For more than three decades, the Pediatric AIDS Program at Rutgers Robert Wood Johnson Medical School has cared for patients and their families. It provides free testing, runs support groups and spreads the message that although new treatments have largely made AIDS/HIV a manageable disease, the need for education and prevention remains.
Now the program is helping to bring a high school senior a step closer to the most prestigious award the Girl Scouts of America bestows. In turn, Jaimie Jasina hopes to bring a classroom of her peers closer to understanding the realities of AIDS and HIV in the 21st century.
When Jasina stands before fellow students at John P. Stevens High School in Edison, PowerPoint presentation playing on the screen in front of her, she will share sobering statistics about a disease that first began claiming victims in the 1980s.
“In the United States alone, more than 1 million people are living with HIV, and one in every five of those people does not know it,” Jasina says. “Schools don’t always teach that 2.5 million adolescents are infected by HIV/AIDS worldwide. I want to bring to light that this is a sexually transmitted disease, and that if people think they have the disease, they should be tested.”
The Gold Award is the highest offered by the Girl Scouts, a rough equivalent to the Eagle Scout ranking conferred by the Boy Scouts of America.
“When Jaimie came to me seeking to do a project about HIV, I said the best approach would be to spread awareness at the high school level,” says Roseann Marone, program coordinator for the medical school’s AIDS initiative since 1990 and one of Jasina’s official mentors for the award.
Marone encouraged the 17-year-old to teach her contemporaries that HIV can be passed from mother to unborn child, as well as through unprotected sexual activity, injected drugs and breast feeding.
“If young people knew how the disease is transmitted, they would take precautions,” says Marone, an assistant professor of pediatrics at the medical school. “But if you ask patients how much they learned in school about AIDS, typically they answer 'very, very little.'”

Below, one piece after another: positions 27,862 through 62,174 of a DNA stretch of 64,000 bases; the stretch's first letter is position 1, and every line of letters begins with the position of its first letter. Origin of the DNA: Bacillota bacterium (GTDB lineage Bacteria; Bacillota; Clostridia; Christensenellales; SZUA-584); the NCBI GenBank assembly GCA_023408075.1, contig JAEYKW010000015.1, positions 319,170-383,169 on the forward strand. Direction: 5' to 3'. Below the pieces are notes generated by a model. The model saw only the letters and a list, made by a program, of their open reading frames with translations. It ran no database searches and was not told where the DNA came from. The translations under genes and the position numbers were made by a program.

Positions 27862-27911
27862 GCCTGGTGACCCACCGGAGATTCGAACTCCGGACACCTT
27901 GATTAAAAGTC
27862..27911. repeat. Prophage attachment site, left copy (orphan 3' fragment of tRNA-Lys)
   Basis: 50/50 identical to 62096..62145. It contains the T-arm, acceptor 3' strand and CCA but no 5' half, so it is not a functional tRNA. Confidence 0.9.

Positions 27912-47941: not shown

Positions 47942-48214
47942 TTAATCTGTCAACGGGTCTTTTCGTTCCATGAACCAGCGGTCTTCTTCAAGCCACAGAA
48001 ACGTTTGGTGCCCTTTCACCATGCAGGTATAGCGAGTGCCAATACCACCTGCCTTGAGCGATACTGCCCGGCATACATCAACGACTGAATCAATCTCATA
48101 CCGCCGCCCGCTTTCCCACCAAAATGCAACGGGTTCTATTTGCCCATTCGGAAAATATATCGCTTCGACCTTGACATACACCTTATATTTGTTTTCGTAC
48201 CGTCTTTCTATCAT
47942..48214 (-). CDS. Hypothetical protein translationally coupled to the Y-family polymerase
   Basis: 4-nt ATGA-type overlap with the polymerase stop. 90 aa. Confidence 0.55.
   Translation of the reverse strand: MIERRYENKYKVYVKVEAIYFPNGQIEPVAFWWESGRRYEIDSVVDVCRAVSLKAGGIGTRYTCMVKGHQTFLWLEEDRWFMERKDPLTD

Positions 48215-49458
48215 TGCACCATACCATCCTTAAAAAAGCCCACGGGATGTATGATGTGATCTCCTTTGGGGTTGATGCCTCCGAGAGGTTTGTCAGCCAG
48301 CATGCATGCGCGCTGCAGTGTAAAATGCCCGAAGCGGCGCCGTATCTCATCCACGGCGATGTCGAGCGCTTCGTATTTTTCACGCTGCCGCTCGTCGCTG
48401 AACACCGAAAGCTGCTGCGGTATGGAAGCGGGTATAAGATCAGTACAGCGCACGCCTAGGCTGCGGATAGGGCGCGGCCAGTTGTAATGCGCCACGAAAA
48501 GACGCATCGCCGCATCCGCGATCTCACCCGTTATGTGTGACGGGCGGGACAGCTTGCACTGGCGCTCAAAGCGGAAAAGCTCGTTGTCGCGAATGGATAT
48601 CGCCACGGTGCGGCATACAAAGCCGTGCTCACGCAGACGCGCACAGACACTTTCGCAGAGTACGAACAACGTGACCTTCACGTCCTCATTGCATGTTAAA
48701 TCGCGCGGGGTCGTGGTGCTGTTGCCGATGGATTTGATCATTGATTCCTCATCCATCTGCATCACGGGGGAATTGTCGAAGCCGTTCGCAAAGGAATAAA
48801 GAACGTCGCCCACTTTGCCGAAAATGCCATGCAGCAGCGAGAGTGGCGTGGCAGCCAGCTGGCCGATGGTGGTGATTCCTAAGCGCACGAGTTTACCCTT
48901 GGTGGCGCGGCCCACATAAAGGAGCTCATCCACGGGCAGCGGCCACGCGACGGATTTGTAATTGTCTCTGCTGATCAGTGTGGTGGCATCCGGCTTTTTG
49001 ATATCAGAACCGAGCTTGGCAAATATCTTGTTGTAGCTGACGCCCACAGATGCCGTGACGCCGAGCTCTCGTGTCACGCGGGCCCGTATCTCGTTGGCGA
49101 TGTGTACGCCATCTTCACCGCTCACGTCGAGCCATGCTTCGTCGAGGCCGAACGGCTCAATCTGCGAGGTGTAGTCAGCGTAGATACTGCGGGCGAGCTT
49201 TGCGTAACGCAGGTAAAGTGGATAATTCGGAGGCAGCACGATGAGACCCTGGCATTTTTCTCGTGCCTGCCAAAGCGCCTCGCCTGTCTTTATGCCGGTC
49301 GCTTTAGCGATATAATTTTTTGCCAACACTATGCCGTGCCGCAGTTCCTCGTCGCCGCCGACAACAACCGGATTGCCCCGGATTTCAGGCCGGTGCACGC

Statewide, an estimated 35,000 individuals are living with HIV, including about 900 children, the Rutgers professor says. New Jersey ranks third out of the 50 states in the number of children who were exposed to the disease while still in utero. “A lot of my friends didn’t know AIDS/HIV could transfer from mother to child,” says Jasina, who worked with Marone to craft her 45-minute presentation.
For the past three years, Jasina has attended holiday parties sponsored by the local Ronald McDonald House, where she has interacted with patients and forged bonds with their parents. She has also participated in an educational session sponsored by the Red Ribbon Campaign at Rutgers, an effort by the Children’s AIDS Network on campus to spread awareness and information about testing.
Jasina will share her findings with fellow members of her youth group at St. Helena’s Roman Catholic Church in Edison. In working toward the Gold Award, she also organized friends from the youth group to make dozens of colorful fleece blankets for young AIDS patients.
Marone says she’s delighted with this first collaboration with the Girl Scouts, and would be amenable to doing it again.
“Young people think they are invincible, that ‘it can’t happen to me.’ But it does. We want to focus on how you can prevent this disease, and Jaimie was very enthusiastic about bringing that message to her high school and youth group,” Marone says.
In addition to the scouts, the Rutgers AIDS program collaborates with other organizations in the wider community, including faith-based and charitable groups such as Elijah’s Promise in New Brunswick and the Samaritan Homeless Interim Program in Somerville.
It also helps train first- and second-year medical students, and works with student interns from Rutgers’ Edward J. Bloustein School of Planning and Public Policy.